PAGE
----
And that’s why I teach the way I do.  Not only is every single one of my students different, with different personalities and different interests and talents, but every situation as a “real life musician” is different.  Sometimes you get called 20 hours before a performance like I did.  Sometimes you have to compose, sometimes you have to teach, sometimes you have to transpose for a sick singer, and sometimes, just sometimes,  you might have to play a  Beethoven Sonata.

Speaking of Beethoven Sonatas, I was you to listen to this sweet recording by one of my 7th grade students.  She’s playing a Beethoven sonata, 1st movement, for the spring recital.  She’s playing it well.  She’s at the point in her lessons where she gobbles up music as fast as I can give it to her.  But last fall, I had her step back from the musical notation, and I had her work on chord charts.  I showed her (and she figured out a lot on her own!) how to play a chord based on a symbol on the page–how to fit that chord into the melody line.  In her case, she took it a step further and learned how to sing the melody line while she was playing the chords.  Bravo.  You are learning how to fish.

[mp3j track=”https://velocitymusicacademy.com/wp-content/uploads/2012/03/Blessings2.mp3″]

More student recordings!

[mp3j track=”https://velocitymusicacademy.com/wp-content/uploads/2011/10/Raul.mp3″]This is from Raul, one of our adult students.  Nicole recorded him on her cell phone!  He’s playing Schumann’s Kinderszenen (Scenes from childhood)  No. 1

[mp3j track=”https://velocitymusicacademy.com/wp-content/uploads/2011/10/Tristan.mp3″] Another one of Nicole’s students, Tristan.  Also recorded on Nicole’s cell phone 🙂

[mp3j track=”https://velocitymusicacademy.com/wp-content/uploads/2011/10/Dream-Memories.mp3″] And here’s a piece called “Dream Memories”.  Megan (a 7th grader) is playing it on the piano, but wanted to recording it using a guitar sound on garage band.

[mp3j track=”https://velocitymusicacademy.com/wp-content/uploads/2011/10/Kylah.mp3″]And one of Sue’s students, Kylah, recorded on our Kawai digital pianos:

I believe in the well rounded music student–one that can read music, understand music theory, transpose, harmonize, and compose.  Yes compose!  Many of my students see composition as a terribly difficult task until they actually sit down and do it.  It is a wonderful way to integrate theory skills and performance skills–after all, they have to compose something that they can play!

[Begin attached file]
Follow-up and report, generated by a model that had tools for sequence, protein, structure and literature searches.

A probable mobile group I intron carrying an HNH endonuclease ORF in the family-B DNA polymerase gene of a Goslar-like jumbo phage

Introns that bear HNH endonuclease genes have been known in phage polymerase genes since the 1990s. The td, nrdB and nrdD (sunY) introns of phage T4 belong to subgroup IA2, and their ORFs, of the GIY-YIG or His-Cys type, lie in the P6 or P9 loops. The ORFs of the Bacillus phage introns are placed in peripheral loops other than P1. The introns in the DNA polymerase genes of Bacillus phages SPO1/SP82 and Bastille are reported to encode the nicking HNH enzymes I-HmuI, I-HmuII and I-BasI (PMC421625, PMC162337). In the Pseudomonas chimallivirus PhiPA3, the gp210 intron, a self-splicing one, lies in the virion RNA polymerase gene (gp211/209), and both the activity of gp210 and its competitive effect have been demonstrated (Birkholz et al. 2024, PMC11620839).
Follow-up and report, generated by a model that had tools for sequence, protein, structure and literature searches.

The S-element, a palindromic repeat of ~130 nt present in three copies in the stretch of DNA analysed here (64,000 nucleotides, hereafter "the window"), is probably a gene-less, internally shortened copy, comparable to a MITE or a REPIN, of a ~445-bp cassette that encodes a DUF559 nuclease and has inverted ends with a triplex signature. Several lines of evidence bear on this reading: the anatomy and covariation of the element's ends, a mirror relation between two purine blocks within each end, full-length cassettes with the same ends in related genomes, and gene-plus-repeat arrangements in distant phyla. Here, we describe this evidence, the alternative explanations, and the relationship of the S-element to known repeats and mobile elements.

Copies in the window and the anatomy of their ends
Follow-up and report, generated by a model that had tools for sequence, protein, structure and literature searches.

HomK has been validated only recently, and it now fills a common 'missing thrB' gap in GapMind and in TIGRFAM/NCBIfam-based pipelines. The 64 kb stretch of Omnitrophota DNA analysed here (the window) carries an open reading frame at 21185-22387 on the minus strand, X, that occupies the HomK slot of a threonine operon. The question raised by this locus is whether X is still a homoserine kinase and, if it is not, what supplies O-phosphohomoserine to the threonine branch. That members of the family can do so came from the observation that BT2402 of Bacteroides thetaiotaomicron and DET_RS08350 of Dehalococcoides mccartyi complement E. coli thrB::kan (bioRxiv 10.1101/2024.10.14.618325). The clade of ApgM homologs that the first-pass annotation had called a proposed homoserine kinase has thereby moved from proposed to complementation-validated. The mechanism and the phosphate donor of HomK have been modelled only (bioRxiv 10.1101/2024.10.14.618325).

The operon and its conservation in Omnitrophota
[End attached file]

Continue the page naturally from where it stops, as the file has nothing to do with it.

Below is an assignment that I had one of my students do.  We’ve been studying the waltz pattern, and she has played several waltzes in the past month.

Here is her wonderful waltz composition, appropriately titled “Thao’s Waltz.”  Congrats Thao, it’s a beautiful composition with lovely handwriting!

For the past 10 years or so in my own personal teaching, I’ve always given my students the opportunity to record their pieces.  We do this one lesson at a time, one piece at a time.  It’s become an event that the students look forward to.  If a piece is polished, they slap a sticker on the page and pull out their USB memory drive.  At Velocity, our Kawai digital pianos record and save directly as a MP3.  The students know automatically to connect their drive under the keys.  At my home studio, I have my Roland connected to my mac with a USB-MIDI cable, and we use Garage Band to record, and iTunes to convert to MP3.  After the student records a piece, the entire process takes less than a minute to save and transfer to the students USB memory drive.  At the end of the school year, we have a nice compilation of pieces to put on a CD for the student to take home.

But why record?  Why bother?  (even if it only 1 minute taken out of the lesson?)  Every minute of lesson time is valuable time that is needed to polish and work on pieces and musical concepts.  Every minute of lesson time is time that is being paid for.  So why do this?

Here’s why:


  • Recording bridges the gap from lesson to recital.  What makes recitals intimidating?  The one shot mentality.  You have only one shot to be on stage and get your piece right.  How do we practice for recitals?  We practice to perform.  Those mistakes that students are eager to let slip by during a lesson or at home become huge elephants in the room when they are recording.  When a student is recording, they will often do 5-10 takes of their piece, concentrating at a level that they haven’t expressed in their lesson.  Often, when frustrated that they can’t get it right, they take the piece home to practice for another week and bring the piece back more polished than before.  They want to get it recorded on the first try.  They often tell me how their hands sweat and they are nervous during recording.  This is so similar to performing, that it gives students a chance to practice what a recital feels like.